After two years of diplomatic deadlock, U.N. Secretary-General Antonio Guterres has appointed a new envoy for Western Sahara, a territory disputed between Morocco and the pro-independence Polisario Front, which represents the ethnic Sahrawi population of the territory. The recent designation of seasoned Italian-Swedish diplomat Staffan de Mistura marks a much-delayed and critical step forward in a standoff that, if left untreated, risks spreading instability elsewhere in the region.
The temperature has been rising of late in this often-overlooked conflict. In November 2020, fighting flared up between Morocco and the Polisario Front. A month later, President Donald Trump threw fuel on the fire and jeopardized the traditional U.S. role as a neutral broker between the parties by recognizing Moroccan sovereignty over the territory in exchange for Morocco normalizing its relations with Israel. Since then, Rabat and the Polisario have hardened their respective positions. De Mistura should seize the momentum behind his appointment to offer fresh ideas and a series of confidence-building measures to guide the two sides back to the negotiating table.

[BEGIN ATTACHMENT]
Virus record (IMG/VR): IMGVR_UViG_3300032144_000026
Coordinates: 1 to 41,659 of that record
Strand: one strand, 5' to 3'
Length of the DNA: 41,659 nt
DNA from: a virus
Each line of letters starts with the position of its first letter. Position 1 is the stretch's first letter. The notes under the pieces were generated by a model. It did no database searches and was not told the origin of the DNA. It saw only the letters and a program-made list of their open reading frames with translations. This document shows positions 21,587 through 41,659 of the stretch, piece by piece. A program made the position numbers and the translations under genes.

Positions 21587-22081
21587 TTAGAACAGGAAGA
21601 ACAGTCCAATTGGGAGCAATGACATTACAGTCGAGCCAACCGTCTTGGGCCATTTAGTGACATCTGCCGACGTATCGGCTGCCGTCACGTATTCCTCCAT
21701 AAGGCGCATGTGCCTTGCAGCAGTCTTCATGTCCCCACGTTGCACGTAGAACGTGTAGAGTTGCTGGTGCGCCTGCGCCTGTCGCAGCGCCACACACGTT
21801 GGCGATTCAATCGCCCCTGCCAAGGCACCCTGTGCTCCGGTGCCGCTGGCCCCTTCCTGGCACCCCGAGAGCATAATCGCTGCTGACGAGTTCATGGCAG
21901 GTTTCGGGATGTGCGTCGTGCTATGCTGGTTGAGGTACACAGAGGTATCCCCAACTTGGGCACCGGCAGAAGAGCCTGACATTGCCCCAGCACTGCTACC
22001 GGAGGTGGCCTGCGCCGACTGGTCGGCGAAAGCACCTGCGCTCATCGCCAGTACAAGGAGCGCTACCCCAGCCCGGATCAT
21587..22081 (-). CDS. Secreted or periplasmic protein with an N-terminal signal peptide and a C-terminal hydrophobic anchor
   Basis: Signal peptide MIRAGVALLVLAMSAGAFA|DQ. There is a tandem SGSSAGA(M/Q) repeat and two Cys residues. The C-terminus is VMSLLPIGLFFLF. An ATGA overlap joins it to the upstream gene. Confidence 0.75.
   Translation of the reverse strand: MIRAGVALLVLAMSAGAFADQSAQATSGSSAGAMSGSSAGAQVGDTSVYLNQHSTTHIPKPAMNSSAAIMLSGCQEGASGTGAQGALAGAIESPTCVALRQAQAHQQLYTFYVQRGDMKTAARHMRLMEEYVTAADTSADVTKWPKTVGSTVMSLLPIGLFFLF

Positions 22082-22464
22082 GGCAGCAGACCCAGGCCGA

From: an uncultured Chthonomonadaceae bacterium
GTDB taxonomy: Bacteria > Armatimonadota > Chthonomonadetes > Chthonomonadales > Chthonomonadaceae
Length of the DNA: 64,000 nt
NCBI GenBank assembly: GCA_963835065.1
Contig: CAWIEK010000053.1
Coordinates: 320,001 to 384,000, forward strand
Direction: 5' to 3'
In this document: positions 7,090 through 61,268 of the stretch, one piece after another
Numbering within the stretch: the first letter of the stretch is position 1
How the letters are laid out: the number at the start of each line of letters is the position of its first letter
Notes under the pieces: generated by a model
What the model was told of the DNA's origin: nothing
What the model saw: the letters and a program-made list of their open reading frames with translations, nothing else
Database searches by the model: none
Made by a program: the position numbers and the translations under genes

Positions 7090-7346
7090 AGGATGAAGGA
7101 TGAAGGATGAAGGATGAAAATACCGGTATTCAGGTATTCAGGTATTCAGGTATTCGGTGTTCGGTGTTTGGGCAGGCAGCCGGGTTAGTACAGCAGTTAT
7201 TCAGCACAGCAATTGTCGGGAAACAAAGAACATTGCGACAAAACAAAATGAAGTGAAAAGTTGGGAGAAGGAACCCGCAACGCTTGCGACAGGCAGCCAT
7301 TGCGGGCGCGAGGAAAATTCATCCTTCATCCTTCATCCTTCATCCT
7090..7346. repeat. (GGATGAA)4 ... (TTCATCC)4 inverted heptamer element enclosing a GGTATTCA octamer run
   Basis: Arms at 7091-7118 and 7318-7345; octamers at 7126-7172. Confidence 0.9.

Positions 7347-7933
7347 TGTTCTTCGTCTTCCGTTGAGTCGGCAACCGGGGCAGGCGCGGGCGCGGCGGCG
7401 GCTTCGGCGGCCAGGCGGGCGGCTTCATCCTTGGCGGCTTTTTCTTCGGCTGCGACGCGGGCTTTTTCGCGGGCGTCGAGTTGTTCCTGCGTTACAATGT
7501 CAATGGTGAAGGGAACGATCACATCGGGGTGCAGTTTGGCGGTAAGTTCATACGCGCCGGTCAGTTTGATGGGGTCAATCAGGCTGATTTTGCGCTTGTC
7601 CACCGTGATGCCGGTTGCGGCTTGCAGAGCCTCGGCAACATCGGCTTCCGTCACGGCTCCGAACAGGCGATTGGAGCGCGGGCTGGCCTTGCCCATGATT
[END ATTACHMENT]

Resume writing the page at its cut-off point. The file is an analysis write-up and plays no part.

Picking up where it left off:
When Spain ended its colonial control over Western Sahara in 1975, Morocco and Mauritania divided up the territory in the face of stiff resistance from the Polisario, which had fought for the territory’s independence. (Mauritania later withdrew, leaving its part of Western Sahara to Rabat.) Thousands of Sahrawis fled the ensuing war and took shelter in camps over the border in Algeria. The U.N. brokered a cease-fire in 1991, which left most of the territory in Moroccan hands. The U.N. also created and monitored a buffer zone to separate the two sides and set up a mission, known as MINURSO, to implement a peace plan that centered on holding an independence referendum. However, disagreements between the two sides prevented the ballot from taking place, and the conflict froze in place for almost 30 years.